The next day I looked into the face of persecution again. A pastor named Masih was lying outside the hospital on a concrete walkway. The pastor had protested to the police in his village after drunken Muslims had assaulted some women in his church. For that, a Muslim gang attacked him, kicking in his skull, severing his ear, and leaving him blind in one eye. The hospital had bandaged over his wounds and thrown him out. It seems that animals get better treatment than Christians do in Pakistan.
Well, not just in Pakistan. In Alexandria, Egypt one person died and 12 were wounded in knife attacks on 3 congregations during Easter services. In Afghanistan, Iran, and much of Arabia, death is the penalty for conversion from Islam to Christianity. Even in Muslim countries that don’t specify such a penalty, a law is not needed because family members carry out the killing on their own. Muslims are not the only persecutors, however. Radical Hindus in India have pushed through sweeping anti-conversion laws in a number of states and have matched them with muscle, assaulting pastors and burning churches. Burmese Buddhists are burning down Christian villages, sowing their fields with landmines, and pulling up crosses out of Christian cemeteries. Under brutal dictatorships in central Asia house church leaders are being arrested and beaten. In Turkmenistan, Christians have even been tortured for possessing a copy of the “Jesus” film.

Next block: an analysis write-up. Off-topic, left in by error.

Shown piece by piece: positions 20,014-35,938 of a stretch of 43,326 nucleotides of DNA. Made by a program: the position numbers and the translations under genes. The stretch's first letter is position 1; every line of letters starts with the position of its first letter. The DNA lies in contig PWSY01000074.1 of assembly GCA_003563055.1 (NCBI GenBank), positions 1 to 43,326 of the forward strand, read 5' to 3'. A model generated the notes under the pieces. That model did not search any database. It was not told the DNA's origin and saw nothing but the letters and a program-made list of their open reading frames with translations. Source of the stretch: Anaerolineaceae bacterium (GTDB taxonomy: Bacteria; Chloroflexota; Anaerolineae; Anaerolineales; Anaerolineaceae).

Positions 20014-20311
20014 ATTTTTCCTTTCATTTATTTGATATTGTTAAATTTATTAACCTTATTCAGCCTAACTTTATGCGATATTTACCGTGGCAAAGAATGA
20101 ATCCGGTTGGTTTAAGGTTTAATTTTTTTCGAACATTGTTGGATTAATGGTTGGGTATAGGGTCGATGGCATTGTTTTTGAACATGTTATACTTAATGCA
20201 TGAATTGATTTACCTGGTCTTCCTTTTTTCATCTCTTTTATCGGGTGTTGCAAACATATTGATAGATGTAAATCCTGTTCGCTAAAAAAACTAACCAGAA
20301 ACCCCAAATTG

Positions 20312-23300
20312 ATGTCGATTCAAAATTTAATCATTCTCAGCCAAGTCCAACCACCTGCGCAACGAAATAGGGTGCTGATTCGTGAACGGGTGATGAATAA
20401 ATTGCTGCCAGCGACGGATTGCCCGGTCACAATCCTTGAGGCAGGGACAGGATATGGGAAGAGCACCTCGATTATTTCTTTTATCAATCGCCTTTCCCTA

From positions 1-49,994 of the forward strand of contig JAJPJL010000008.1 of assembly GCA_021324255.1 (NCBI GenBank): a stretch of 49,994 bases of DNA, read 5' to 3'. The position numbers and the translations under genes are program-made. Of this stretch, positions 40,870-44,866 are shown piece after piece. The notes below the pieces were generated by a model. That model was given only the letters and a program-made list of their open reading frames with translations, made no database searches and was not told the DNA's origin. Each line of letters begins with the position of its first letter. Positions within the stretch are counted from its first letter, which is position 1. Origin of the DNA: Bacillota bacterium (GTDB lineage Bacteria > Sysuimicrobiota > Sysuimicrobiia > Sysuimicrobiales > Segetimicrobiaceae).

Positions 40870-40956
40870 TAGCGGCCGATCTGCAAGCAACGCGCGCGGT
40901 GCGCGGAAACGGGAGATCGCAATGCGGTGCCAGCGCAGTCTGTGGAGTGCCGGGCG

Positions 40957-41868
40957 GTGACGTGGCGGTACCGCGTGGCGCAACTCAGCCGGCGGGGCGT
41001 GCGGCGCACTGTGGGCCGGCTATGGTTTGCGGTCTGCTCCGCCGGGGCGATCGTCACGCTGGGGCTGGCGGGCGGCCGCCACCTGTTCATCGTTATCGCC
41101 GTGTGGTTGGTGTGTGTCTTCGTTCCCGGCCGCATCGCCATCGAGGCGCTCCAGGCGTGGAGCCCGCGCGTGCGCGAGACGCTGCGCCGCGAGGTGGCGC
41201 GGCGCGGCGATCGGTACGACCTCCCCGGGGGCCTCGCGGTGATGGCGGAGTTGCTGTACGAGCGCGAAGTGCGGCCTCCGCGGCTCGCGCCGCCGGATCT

The list could go on and on, for as Lord David Alton has observed, “Of the world’s six billion people today, over half live in countries where being a Christian could cost you your life.” In our comfort, freedom, and opportunity, we should remember “the other half” of our Christian family. In the next issue we will consider just what action pastors and churches can take on behalf of persecuted believers.
For Christians in many lands, life is caught somewhere between faith and fear. It brings to mind one of the Gospel’s great missionary passages when the Lord Jesus told the 70 that He was sending them out as “lambs among wolves.” How could He do such a thing—sending His people unarmed into the jaws of death? He could because He did. From Gethsemane to Golgotha the Lamb not only walked among wolves, but even “gave Himself a ransom for all.” And as Christ explained in Matthew 10:24, “The disciple is not above his master; nor the servant above his Lord. It is enough for the disciple that he be as his master.” For these Christians who live among wolves, they bring Light to dark places by their lives—and sometimes by their deaths—and they find comfort in His company.